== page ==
What’s Taken So Long?

The new blog!It has been a very, very long time. So where have I been? Why the hiatus?

I graduated in the summer and (luckily) found myself a job! Up until then I had never fully realised just how difficult it is to cook in the little free-time left after work. Not to mention the fact that here in the UK we pretty much live in darkness during the winter months, which subsequently means decent lighting for photographing anything cooked becomes non-existent.

However the new job and lack of lighting weren’t the only reasons for a break. I’ve been working on something new. I wanted to create a new blog, one that was more me. I wanted a whole new look. With recipes old as well as new, life musings and travel snaps. But the process has been lengthy, and the effort lacklustre on my part.

An amazing friend of my brother who just happens to be a web-developer, has kindly volunteered to help make the new space look as fantastic as possible (with the promise of cake in return, of course). It’s not quite ready yet, but I desperately want to share it with all of you from now… I’m super excited about it (even though it is still massively under construction….)!

So to all of my followers, old and new: thank you so much for taking the time out of your busy lives to spend even a second browsing through my blog and being a huge part of it. I could think of nothing greater than you joining me on the new one. So here it is… introducing, Thyme & Honey.

Gabriella x


If you’ve been living in a cave then you might wonder, ‘what is shakshouka?’. Well buddy, I’ll let you in an the big (not so) secret. Shakshouka, or shakshuka is a North African dish believed to have originated from Tunisia. Your average shakshouka will consist of eggs poached in a tomato and pepper sauce which practically screams out for bread to be dunked into it. Countries all over the Middle East (and world) love it, and prepare it in similar yet ever so slightly different ways. For example in Cyprus it is commonly heavily flavoured with cinnamon and cumin, whereas in others, a simple dash of turmeric and cayenne pepper will suffice. Continue reading


Muhallebi, where do I begin?

A traditional Turkish dessert, it’s popular throughout the Middle East, as well as in Cyprus. It’s as pretty as a picture, served in individual dishes or one large shallow dish, sprinkled with pistachios, almonds or cinnamon.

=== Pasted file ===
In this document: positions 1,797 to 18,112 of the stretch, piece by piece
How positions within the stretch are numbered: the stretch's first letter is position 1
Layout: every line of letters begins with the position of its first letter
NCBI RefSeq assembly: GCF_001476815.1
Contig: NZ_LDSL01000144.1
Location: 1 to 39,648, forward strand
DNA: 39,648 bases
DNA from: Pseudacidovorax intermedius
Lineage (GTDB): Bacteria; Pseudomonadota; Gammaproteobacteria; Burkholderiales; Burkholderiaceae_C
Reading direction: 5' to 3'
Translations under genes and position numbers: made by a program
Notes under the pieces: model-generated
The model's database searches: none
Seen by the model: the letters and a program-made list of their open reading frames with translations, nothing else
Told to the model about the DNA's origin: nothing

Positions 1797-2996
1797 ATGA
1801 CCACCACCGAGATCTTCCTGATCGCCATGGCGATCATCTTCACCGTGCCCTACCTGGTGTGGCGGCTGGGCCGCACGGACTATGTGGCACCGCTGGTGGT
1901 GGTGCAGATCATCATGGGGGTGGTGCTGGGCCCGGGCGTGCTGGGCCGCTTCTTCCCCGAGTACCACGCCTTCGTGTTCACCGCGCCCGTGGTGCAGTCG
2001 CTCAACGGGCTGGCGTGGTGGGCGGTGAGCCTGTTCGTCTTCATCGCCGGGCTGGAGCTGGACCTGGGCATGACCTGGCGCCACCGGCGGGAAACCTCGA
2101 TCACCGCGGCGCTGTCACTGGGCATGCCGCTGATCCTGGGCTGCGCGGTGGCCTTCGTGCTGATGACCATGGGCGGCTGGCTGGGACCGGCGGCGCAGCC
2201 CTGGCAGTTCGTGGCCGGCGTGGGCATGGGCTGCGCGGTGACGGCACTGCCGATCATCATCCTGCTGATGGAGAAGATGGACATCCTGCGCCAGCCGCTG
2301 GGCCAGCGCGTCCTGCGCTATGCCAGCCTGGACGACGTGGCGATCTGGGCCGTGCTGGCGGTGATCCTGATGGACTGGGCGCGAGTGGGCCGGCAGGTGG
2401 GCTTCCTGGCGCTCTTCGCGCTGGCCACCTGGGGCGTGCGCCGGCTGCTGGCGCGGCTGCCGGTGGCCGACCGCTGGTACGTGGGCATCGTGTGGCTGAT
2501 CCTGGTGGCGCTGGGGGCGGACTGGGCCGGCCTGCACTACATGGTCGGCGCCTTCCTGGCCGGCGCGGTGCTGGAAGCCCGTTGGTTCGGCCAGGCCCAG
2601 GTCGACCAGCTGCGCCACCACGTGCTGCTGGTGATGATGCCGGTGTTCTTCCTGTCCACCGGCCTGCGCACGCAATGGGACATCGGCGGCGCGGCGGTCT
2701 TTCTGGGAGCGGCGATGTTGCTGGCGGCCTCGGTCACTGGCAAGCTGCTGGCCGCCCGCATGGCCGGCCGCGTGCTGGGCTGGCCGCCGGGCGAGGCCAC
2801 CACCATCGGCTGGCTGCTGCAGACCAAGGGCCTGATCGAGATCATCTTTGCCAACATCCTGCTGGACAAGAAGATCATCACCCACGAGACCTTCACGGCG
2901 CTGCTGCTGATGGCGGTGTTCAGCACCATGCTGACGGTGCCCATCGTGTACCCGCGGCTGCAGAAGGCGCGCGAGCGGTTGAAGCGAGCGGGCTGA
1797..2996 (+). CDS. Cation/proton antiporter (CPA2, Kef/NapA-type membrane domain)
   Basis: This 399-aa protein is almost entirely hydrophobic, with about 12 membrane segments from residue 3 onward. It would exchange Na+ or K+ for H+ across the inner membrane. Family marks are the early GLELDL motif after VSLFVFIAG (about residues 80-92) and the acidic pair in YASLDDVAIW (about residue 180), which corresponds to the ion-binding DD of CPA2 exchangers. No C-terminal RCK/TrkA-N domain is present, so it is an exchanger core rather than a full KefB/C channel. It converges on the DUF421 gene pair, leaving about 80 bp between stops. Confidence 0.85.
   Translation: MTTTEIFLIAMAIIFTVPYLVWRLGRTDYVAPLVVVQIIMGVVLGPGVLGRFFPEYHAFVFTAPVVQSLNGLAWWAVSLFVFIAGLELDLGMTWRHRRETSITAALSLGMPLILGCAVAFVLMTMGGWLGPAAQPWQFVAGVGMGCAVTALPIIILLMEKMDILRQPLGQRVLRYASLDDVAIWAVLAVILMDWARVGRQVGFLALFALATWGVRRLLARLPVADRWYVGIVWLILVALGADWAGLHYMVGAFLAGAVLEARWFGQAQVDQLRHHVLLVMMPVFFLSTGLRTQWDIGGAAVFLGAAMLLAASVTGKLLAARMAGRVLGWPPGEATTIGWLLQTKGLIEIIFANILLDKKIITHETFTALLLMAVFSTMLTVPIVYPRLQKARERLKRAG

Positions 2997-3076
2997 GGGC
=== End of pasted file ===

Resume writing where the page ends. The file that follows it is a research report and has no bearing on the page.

It is the most delicate of desserts – milk pudding thickened with rice flour and perfumed with rose or orange blossom. Perfect for hot summer days, and even better after an over indulgent mezze session! Continue reading

Mujaddara with Mint and Feta

In Arabic the word mujaddara means ‘small pox’, which in this dish refers to the speckled appearance of lentils among rice. Traditionally mujaddara is made by boiling rice, lentils and fried onions together, until the water has been absorbed. Usually I too cook mujaddara in the way of the traditionalist, but this is real life and after work the last thing I want to do is wait for lentils to boil. Continue reading

Summer Minestrone

I once talked about how a simple bowl of minestrone is the ultimate comfort food. But in the summer months I crave something a little lighter. I’m a huge believer in using produce that’s in season, which is exactly why this minestrone is not only light and delicious, but completely accessible and affordable.

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Scandi Rye Bread with Fennel and Pumpkin Seeds

The smell of freshly baked bread wafting through the house is one of the best smells in the world, and this bread does not fail to deliver on that front. Roasted pumpkin seeds teamed with baked bread is an absolute winner, too. So that’s a win/win situation, right?

Mixed with plain flour, this rye bread isn’t too dense yet retains a sourdough quality. Perfect with smoked salmon, beetroot and dill – or just with a bit of butter. Yum.

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Summer Courgette Salad with Ricotta Stuffed Courgette Flowers

These mini marrows, also known as courgettes or zucchini, are magical little things. Summertime is their season, and you will find them everywhere. Despite all of the rain we’ve been having here,  beautifully vibrant courgettes with their delicate golden yellow flowers always manage to bring some sunshine to the table. Continue reading

Pulled Pork with Homemade BBQ Sauce and Autumn Slaw

I am so incredibly excited to share this recipe with you. Not because it’s hands down and for real one of the tasiest things I have ever consumed (modesty is a virtue), but because it’s one of those meals that makes you believe you have a stomache capacity similar to that of Adam Richman. It’s You v. Food and you want it all.

Ok maybe that’s just me, and I’m thankful that I had my family to intervene and pry the succulent meat from my hands and the slaw from my grasp. 1.6kg of pork belly lasts more than a lifetime on the hips my friends. Close call. Continue reading